Let Paris be the theme of Gallia's Muse,
Where slavery treads the streets in wooden shoes.
Nor do I rove in Belgia's frozen clime,
And teach the clumsy boor to skate in rhyme;
Where, if the warmer clouds in rain descend,
No miry ways industrious steps offend;
The rushing flood from sloping pavements pours,
And blackens the canals with dirty showers.
Let others Naples' smoother streets rehearse,
And with proud Roman structures grace
Where frequent murders wake the night with groans,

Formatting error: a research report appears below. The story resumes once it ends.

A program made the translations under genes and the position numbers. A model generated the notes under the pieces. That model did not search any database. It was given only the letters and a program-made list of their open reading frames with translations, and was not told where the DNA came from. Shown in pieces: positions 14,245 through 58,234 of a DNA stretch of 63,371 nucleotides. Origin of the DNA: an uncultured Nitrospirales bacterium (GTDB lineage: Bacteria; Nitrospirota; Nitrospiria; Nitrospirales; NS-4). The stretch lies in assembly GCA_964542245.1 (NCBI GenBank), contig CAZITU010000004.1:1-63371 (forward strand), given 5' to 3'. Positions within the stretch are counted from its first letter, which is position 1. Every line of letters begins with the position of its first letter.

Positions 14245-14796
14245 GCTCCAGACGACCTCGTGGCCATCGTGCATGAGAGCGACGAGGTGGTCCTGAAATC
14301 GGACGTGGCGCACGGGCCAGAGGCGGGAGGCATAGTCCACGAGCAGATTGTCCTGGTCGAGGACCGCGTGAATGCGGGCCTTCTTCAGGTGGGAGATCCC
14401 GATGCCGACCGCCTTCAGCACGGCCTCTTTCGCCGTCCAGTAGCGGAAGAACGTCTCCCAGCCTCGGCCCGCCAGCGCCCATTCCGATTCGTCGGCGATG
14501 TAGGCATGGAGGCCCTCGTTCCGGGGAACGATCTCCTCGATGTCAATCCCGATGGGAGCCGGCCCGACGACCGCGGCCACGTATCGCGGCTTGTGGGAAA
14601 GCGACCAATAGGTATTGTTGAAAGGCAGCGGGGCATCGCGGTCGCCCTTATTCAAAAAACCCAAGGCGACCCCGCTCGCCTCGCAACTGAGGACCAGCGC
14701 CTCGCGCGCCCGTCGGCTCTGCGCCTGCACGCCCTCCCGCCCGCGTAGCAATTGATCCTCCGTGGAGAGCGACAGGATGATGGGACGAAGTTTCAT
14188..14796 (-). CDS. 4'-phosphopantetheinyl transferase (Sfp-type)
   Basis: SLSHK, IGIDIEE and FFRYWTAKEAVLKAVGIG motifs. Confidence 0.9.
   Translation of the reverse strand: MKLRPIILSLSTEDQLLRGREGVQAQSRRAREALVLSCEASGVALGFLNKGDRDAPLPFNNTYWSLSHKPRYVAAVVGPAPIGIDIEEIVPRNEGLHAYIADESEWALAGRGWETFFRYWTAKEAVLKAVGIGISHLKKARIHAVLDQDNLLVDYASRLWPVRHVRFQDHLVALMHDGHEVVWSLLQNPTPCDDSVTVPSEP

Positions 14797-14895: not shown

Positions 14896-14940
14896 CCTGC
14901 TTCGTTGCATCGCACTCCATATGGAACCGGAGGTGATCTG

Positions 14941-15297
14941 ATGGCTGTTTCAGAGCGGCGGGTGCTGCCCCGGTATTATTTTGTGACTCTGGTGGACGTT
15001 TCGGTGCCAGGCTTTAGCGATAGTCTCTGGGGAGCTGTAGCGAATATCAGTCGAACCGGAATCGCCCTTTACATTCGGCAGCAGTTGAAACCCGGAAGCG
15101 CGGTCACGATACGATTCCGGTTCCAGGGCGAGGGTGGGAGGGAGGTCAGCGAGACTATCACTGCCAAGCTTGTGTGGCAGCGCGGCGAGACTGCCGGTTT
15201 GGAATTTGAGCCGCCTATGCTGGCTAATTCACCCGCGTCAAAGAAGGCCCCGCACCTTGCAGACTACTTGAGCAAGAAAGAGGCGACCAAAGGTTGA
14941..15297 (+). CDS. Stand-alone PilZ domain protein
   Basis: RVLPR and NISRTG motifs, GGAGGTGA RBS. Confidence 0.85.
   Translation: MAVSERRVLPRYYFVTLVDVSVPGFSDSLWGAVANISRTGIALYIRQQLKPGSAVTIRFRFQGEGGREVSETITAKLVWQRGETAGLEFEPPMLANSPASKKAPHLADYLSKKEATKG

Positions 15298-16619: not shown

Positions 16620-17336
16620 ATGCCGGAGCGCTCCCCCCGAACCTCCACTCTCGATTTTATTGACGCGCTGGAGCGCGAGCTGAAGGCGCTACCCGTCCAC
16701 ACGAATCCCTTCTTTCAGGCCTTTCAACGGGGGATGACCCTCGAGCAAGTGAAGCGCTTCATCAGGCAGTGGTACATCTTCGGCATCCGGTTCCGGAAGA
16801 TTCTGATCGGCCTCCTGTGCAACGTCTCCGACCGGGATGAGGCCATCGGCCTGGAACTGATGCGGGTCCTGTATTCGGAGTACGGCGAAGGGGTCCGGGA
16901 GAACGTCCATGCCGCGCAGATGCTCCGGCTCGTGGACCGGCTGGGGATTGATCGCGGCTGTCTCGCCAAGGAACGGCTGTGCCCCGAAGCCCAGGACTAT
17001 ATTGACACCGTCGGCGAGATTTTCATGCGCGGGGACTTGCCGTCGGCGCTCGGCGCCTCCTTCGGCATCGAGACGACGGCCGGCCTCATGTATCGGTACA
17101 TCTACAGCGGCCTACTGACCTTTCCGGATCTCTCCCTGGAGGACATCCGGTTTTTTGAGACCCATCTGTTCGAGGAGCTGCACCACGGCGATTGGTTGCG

And blood in purple torrents dyes the stones.
Nor shall the Muse through narrow Venice stray,
Where gondolas their painted oars display.
O happy streets ! to rumbling wheels unknown,
No carts, no coaches, shake the floating town!
Thus was of old Britannia's city bless'd,
Ere pride and luxury her sons possess'd;
Coaches and chariots yet unfashion'd lay,
Nor late-invented chairs perplex'd the way :
Then the proud lady tripp'd along the town,
And tuck'd-up petticoats secur'd her gown;
Her rosy cheek with distant visits glow'd,
And exercise unartful charms bestow'd :
But since in braided gold her foot is bound,
And a long training mantua sweeps the ground,

their verse,